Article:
Inventory Management Helping Save Lives
A company's move to automate its inventory management process has resulted in timely deliveries of healthcare products.
|The Zebra 105Se printer met the on-demand printing requirements of Allegiance Healthcare Corp.|
Whether it's cotton balls or surgical tools, the receiving, picking, and shipping operations for such products need to come together in a streamlined process. The manually driven warehouse management systems (WMS) traditionally used by medical device manufacturers and distributors have been known to leave companies vulnerable to data-entry errors and inefficiencies.
Employees at Allegiance Healthcare Corp. (McGaw Park, IL), a supplier of medical products, used to use paper sheets to record item quantities and locations. Cases were labeled with stencils that were often messy and hard to read. "Our goal was to implement a consistent system across our network that would allow us to accurately track inventory and provide process measurement tools," says Greg Volpentesta, manager of distribution systems.
To automate this process, Allegiance used a basic WMS with bar code technology to print shipping labels. After seeing improvements, the company added an automated storage and retrieval system and implemented a complete bar code scanning system throughout its enterprise on its NT client based–WMS, the Allegiance inventory management system (AIMS).
The company also instituted a compliance-labeling program called "Replenishment 2000" to automate the payment process with its suppliers and to streamline inbound processes by eliminating manual entry and promoting the use of the Serial Shipping Container Bar Code (SSCC-18) labels and Advanced Shipment Notice (EDI856) unitized messaging.
Today, suppliers are beginning to ship packages to Allegiance with SSCC-18 bar code labels using UCC/EAN128 symbology. This allows for goods to be scanned as they arrive on the dock using handheld radio-frequency (RF) units linked to a Windows NT–based system, providing real-time updates and tracking of inventory. Incoming supply information is automatically entered into the AIMS, updating stock levels on the spot.
The received and scanned packages are labeled with license-plate labels containing bar codes that aid in warehouse placement. These labels are either preprinted or created by the Zebra 105Se printer from Zebra Technologies Corp. (Vernon Hills, IL). "We chose Zebra printers for the warehouse because we saw how durable and reliable they were in other applications," says Volpentesta. "We needed easy-to-load printers that could handle long duty cycles and on-demand printing requirements."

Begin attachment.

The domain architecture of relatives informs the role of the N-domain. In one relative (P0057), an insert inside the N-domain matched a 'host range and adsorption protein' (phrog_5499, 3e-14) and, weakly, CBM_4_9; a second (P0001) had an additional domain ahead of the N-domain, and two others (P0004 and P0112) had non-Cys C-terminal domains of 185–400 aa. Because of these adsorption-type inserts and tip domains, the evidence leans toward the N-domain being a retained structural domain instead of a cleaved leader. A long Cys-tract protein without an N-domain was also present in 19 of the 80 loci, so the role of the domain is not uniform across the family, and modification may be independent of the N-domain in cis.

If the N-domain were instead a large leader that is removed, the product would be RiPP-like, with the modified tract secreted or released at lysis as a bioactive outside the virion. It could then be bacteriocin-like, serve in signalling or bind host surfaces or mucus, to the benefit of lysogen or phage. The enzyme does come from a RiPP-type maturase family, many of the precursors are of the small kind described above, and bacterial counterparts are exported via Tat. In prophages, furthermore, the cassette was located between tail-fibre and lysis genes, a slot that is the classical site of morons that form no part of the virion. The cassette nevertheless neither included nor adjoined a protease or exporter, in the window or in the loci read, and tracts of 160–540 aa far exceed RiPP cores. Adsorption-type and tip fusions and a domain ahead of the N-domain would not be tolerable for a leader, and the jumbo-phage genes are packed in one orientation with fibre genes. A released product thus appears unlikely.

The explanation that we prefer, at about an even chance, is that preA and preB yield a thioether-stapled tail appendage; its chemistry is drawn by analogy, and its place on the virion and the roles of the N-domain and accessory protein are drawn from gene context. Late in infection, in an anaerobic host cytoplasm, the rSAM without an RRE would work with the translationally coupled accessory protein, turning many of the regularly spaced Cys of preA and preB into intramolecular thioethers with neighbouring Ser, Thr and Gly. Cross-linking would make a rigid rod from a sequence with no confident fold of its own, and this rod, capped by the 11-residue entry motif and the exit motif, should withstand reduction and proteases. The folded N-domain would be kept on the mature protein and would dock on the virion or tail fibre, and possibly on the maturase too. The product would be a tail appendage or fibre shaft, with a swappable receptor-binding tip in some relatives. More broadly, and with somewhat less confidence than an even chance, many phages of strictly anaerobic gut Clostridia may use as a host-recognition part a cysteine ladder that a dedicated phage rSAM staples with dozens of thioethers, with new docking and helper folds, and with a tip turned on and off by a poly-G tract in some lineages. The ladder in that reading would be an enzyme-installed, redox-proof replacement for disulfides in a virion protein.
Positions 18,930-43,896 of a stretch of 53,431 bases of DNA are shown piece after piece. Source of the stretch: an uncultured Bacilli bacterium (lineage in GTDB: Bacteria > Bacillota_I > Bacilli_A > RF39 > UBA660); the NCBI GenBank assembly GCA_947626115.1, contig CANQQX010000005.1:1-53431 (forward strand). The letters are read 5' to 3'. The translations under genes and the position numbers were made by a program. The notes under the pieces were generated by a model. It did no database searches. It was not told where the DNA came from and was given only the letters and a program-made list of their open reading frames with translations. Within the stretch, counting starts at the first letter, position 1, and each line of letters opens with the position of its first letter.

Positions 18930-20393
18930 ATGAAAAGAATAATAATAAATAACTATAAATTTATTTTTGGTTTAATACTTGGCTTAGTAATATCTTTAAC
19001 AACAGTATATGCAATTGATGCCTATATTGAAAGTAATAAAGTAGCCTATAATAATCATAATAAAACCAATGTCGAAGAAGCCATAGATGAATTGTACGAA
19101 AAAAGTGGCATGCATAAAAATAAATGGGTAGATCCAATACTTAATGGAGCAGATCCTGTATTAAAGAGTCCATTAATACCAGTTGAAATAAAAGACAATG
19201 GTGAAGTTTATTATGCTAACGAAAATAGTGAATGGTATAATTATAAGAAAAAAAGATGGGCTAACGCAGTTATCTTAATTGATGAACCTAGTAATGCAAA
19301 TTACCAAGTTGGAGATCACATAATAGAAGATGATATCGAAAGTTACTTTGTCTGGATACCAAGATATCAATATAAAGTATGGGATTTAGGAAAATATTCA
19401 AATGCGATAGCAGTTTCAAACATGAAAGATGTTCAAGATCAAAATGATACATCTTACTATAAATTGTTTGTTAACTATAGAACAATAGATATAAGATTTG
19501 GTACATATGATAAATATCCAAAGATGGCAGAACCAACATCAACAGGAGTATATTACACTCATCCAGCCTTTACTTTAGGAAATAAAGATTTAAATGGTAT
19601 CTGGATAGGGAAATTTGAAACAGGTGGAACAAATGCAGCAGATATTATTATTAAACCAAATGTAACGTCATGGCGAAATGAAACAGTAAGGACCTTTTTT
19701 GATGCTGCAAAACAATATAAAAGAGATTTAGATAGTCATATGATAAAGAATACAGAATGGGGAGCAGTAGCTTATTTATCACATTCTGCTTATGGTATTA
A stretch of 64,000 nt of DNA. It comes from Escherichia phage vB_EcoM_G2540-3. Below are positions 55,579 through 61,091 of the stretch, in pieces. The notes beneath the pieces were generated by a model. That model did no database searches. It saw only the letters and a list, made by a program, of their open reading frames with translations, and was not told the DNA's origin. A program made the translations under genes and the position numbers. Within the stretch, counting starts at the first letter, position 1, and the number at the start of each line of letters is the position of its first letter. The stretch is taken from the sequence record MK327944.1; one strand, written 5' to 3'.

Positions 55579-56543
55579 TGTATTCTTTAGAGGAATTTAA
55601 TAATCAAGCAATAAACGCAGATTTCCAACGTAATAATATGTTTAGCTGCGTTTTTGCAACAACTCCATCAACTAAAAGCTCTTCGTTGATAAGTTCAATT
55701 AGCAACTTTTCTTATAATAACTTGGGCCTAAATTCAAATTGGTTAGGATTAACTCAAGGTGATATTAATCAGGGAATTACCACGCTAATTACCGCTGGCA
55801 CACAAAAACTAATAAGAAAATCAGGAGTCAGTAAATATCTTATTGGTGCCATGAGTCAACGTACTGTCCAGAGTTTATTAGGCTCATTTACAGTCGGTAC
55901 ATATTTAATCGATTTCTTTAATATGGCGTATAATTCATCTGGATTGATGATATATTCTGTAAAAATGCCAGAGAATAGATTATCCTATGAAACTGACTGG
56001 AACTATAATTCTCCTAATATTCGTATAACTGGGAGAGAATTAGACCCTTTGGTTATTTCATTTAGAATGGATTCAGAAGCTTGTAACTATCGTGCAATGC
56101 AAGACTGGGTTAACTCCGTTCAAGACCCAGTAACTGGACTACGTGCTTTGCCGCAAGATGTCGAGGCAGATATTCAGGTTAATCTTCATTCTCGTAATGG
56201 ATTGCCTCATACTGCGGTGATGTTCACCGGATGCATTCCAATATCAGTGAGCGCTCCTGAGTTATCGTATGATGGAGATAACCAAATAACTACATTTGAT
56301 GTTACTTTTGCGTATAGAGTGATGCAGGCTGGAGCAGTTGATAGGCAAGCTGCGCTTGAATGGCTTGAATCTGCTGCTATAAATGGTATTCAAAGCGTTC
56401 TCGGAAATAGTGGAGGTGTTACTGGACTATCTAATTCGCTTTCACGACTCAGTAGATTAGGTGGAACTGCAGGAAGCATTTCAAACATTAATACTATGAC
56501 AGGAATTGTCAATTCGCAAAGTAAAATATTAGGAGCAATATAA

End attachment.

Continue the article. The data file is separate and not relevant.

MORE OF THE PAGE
Labeled supplies are then moved into the warehouse to be stocked, where both the package and the warehouse location labels are scanned, recording the placement of all supplies. This system allows warehouse employees to easily generate a pick list with exact directions and location information. The RF unit presents picks using travel sequence logic, which directs the picker. Employees follow the radio directive and collect the goods for shipment, scanning the product locations within the warehouse as they go.
"The new system has provided a tool to help our pickers become more time efficient and cost-effective," says Volpentesta. Using scanning technology and AIMS, the company has watched worker productivity increase as pick rates have doubled; put-away and picking errors have also been reduced by 50%. With the information generated by the system, managers can track employee productivity, set standards, and investigate the root cause for an error.
After supplies are gathered, pickers transfer them to shipping stations for packaging. There, employees can access orders in the system by scanning the label that contains the customer's purchase order number. Contents are verified one last time before the package is sealed and ready for shipping.
"When dealing with shipments that have a direct effect on the patient, accuracy is extremely critical," says Volpentesta. And in the healthcare industry, delivering products on time can be a matter of life or death.